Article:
Updating your app isn’t always the most exciting thing in the world, and it’s definitely not as exhilarating as releasing your app for the first time. As the months go by, each update seems to get more and more tedious. To me, it’s similar to moving into a new apartment. The first week or two, everything is new and exciting and I make sure that all the dishes are done and the whole place is tidy. But as the weeks go by, cleaning starts to get a little more tedious. I get lazy and start leaving plates in the sink, I don’t vacuum as much, and the dust starts to collect on the top of my TV. Finally it gets to the point where I have to dedicate entire days to just cleaning the apartment, and it turns into a dreaded chore.
Once the novelty of releasing a new app goes away, the update starts to evolve into a necessary evil similar to that of cleaning the apartment (for me anyway).
But it shouldn’t be! You should be looking forward to every update you make, even if it’s just a little one. Just because your next one might not be a complete UI overhaul doesn’t mean you can’t reap some benefits.
The following post will be a two part series. Part one will cover all the good things that can come from an update and convince you why even a little one can be exciting, and part two will cover best practices for updates to help guide you through the process.
App Update Benefits: The Exterminator and a Clean Sheet
Bugs can be the demise of any great app. Just a tiny little mistake in your code causing the slightest feature in your app to not function correctly can set off an avalanche of negative effects. App users are neither patient nor forgiving, and the smallest hiccup can lead them to uninstall your app and write scathing reviews, both of which directly impact your app’s ranking in search and the Top Charts.
But if you find the bugs quick enough and fix them with an update, you can mitigate the damage. If you look at most app update notes, the majority of updates consist of at least one or two bug fixes. Often times fixing the bug isn’t the hard part. It’s identifying which ones are impacting users the most and should therefore be prioritized that’s tough.
There are a few ways you can expedite this process. First, you obviously need to test your app thoroughly before launching. Here’s a nice guide on good ways to do that. However, once you’ve launched, the quickest way to find new bugs is to simply scan your reviews. There’s no better stress test than actual user interaction. They’ll make sure to poke around, intentionally or unintentionally, and find all the bugs your app has. Looking through the reviews can highlight some of the bigger ones you need to focus on. Apple’s acquisition of TestFlight will also be extremely helpful. IOS8 will allow you to beta test your app before releases and with updates which will provide a good feedback loop.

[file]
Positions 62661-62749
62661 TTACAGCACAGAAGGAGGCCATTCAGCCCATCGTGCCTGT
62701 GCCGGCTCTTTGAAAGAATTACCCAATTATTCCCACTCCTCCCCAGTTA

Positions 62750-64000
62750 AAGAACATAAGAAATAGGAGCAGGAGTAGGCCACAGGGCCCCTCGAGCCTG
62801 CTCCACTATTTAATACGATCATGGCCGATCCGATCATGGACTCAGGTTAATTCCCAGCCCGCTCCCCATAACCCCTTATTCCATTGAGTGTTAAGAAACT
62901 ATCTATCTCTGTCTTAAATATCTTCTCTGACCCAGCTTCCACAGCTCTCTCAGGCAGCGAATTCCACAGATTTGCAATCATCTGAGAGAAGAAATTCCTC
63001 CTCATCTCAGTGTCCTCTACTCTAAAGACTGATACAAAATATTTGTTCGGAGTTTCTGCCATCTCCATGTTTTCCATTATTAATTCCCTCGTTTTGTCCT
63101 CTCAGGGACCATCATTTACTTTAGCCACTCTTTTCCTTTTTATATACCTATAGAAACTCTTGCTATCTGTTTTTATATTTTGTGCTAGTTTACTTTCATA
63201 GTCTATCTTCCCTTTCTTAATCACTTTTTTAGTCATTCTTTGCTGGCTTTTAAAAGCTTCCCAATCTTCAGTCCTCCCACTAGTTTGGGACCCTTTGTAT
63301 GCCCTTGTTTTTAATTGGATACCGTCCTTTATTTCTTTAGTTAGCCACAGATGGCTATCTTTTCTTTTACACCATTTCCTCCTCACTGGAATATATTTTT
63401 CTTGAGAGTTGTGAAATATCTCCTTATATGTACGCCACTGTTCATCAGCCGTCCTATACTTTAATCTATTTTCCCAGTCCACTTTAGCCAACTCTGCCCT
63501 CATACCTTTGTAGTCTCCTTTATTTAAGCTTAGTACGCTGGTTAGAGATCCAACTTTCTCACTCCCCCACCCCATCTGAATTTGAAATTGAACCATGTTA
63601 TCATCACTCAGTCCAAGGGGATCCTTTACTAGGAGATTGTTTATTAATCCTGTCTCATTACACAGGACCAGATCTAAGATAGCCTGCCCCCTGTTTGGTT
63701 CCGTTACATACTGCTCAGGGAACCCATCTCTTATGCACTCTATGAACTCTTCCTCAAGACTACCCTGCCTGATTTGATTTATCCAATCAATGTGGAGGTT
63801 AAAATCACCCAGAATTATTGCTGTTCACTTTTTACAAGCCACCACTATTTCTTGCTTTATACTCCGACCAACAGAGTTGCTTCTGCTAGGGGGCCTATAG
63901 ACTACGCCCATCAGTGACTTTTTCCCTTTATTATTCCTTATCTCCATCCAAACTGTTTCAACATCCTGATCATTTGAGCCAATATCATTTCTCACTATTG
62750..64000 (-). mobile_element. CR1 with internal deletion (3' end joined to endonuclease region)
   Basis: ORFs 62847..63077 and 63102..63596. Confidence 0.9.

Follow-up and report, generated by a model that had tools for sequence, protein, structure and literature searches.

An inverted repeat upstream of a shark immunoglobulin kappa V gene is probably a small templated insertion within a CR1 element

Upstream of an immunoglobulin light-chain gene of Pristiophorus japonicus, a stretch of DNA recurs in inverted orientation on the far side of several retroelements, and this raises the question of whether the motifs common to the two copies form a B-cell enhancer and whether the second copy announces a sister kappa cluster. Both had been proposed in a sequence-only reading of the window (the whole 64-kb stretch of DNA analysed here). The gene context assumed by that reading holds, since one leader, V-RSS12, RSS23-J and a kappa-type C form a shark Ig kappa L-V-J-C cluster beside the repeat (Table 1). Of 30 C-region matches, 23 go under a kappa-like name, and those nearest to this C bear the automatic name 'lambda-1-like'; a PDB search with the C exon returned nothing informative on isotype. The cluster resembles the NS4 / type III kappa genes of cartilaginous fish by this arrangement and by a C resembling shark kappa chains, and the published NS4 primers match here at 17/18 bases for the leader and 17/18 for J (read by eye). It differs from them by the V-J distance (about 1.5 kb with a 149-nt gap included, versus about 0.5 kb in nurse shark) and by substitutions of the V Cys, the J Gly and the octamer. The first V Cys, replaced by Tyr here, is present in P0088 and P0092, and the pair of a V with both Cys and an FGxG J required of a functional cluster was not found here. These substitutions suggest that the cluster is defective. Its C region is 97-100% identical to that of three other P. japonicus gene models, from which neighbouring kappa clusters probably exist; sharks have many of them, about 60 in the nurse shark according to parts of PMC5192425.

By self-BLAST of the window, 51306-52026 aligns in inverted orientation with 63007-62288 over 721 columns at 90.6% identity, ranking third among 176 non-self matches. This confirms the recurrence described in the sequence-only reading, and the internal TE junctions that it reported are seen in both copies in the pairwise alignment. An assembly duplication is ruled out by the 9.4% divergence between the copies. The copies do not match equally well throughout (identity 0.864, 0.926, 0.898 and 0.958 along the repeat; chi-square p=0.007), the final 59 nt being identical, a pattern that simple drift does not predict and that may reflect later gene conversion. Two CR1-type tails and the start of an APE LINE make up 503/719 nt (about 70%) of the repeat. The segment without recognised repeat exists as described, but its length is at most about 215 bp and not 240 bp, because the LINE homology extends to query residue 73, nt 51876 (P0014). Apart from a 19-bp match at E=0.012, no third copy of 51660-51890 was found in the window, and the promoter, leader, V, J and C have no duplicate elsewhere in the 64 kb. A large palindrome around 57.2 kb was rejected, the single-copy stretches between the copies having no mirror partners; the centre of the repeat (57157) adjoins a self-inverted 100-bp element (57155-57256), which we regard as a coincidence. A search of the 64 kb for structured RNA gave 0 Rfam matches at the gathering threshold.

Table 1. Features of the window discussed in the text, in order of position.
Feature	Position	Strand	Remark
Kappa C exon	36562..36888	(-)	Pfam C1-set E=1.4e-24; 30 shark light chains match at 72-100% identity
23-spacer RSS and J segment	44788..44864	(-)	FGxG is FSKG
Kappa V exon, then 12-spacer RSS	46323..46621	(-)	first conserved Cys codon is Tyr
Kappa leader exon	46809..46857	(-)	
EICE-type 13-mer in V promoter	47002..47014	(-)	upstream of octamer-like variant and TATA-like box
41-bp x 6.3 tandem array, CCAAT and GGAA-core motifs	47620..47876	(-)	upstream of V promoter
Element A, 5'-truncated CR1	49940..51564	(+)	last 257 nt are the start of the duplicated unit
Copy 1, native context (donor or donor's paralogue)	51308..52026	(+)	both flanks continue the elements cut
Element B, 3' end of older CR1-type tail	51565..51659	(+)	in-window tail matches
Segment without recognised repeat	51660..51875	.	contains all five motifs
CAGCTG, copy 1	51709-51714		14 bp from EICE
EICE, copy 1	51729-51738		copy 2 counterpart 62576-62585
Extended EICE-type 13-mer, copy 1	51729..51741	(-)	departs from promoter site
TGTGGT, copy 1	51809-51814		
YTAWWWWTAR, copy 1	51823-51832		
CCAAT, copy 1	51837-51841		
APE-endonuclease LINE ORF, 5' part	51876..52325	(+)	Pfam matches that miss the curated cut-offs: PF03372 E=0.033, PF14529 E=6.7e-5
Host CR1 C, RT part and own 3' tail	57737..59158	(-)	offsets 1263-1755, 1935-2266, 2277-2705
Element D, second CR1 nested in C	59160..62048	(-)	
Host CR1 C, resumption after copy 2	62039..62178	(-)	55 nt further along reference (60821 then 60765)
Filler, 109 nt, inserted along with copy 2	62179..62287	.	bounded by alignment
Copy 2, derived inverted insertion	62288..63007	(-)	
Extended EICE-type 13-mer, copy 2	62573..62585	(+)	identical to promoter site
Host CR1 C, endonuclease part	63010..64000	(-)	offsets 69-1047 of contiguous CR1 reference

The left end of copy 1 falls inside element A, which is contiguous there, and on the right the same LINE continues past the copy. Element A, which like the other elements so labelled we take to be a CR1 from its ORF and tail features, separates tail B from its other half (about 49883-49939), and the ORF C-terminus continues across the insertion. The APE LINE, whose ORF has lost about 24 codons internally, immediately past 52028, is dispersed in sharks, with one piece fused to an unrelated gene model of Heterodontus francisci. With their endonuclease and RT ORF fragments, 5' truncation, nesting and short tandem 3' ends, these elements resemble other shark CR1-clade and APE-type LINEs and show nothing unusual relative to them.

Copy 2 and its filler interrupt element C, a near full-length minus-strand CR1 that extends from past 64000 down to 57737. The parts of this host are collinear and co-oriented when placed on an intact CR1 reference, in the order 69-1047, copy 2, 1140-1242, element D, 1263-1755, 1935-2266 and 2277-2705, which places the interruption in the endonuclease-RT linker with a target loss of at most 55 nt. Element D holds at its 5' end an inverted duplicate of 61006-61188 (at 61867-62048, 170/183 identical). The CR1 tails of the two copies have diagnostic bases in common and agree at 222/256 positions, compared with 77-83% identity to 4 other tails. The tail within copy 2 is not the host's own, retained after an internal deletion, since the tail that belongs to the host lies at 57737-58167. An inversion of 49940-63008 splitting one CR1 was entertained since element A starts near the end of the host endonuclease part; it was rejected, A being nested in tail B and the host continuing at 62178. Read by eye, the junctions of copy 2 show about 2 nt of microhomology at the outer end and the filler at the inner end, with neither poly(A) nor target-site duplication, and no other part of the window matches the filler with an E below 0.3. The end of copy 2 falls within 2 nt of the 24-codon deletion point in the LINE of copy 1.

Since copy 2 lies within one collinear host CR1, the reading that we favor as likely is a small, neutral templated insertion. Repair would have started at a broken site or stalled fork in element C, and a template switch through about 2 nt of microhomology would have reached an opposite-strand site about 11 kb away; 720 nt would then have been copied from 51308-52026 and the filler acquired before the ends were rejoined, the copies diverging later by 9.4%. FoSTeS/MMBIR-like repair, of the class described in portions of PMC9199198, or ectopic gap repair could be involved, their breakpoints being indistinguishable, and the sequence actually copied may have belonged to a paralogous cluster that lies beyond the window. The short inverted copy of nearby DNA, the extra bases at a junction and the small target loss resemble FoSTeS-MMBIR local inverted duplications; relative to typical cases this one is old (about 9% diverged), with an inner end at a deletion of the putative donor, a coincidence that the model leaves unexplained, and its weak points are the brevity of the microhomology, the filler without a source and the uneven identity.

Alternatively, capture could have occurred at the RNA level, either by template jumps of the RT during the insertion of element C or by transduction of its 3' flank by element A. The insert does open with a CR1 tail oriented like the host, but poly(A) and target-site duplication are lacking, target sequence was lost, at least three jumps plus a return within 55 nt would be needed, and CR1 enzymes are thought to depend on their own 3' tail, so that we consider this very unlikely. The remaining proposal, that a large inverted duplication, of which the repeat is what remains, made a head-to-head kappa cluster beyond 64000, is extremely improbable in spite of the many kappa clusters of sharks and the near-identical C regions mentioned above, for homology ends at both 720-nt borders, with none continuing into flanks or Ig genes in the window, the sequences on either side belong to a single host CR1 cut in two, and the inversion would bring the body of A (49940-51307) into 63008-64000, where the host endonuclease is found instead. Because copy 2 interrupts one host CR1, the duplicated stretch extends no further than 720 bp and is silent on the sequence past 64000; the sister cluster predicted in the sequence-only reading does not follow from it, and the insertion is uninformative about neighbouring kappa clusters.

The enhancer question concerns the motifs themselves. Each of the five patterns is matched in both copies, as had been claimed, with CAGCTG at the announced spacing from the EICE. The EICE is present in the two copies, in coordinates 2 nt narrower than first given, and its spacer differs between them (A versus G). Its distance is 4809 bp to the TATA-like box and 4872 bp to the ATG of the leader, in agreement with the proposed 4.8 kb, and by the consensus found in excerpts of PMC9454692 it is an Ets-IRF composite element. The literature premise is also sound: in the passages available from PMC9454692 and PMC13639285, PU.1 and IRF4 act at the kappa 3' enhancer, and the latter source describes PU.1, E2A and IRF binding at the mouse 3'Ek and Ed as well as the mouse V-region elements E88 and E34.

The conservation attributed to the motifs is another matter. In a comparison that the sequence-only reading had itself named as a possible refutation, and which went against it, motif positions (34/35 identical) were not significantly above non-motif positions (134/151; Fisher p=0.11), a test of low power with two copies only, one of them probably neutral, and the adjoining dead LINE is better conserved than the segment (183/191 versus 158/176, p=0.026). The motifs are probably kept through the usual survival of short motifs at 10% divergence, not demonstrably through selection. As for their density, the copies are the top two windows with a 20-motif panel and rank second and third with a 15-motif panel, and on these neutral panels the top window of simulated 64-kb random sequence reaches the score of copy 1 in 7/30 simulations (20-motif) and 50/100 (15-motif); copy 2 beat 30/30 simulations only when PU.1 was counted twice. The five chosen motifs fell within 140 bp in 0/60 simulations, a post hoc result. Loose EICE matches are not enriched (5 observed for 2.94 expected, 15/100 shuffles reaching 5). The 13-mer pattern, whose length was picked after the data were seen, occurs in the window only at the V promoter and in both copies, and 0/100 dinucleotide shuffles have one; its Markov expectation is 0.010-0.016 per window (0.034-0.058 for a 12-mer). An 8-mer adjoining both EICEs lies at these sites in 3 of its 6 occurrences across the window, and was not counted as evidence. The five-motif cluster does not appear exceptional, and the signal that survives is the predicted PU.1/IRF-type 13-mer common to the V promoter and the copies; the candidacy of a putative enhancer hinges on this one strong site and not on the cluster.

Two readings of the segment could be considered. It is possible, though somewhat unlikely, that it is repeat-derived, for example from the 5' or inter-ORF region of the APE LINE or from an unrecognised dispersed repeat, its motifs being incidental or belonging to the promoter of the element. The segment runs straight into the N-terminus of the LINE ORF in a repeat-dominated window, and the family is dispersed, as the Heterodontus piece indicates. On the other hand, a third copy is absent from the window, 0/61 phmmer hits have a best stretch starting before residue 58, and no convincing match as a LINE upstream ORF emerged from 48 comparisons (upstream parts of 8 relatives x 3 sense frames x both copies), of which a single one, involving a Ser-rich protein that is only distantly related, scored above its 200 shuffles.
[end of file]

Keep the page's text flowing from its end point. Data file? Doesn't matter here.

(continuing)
Here you can see that this app with a camera component has had some problems with crashing, not switching between front and rear cameras, and the flash. There are more than 100 similar reviews for many of these, indicating this should be a priority for them to fix.
Don’t let bugs be the end of your app. Find them, fix them, and release an update.
Wiping the Slate
Updating your app also provides an opportunity for you to wipe the slate clean – to a point. Let’s say you release a new version with some awesome new features. Unfortunately, these turn out not to be so awesome because they’re littered with bugs. Users get really mad, and you suddenly have a spike in one star reviews.
Ruh roh. This will not only hurt your search and Top Charts rankings, but it will also hurt your conversion because the app store shows the rating of your most recent version and potential users will see how poorly your app is rated.
Fortunately, when you update your app, the current rating starts over. Like we mentioned above, you’ll want to fix these bugs ASAP. That way, when you release a better version, not only will your current bad rating go away, but you’ll most likely also have a good rating because now your awesome new feature is working flawlessly.
However, it’s important to note that those those bad ratings won’t disappear for good – they’ll remain in your all versions rating. But they’ll no longer be up front and center in your current version rating.
A/B Testing for Your App
Title and Keyword Testing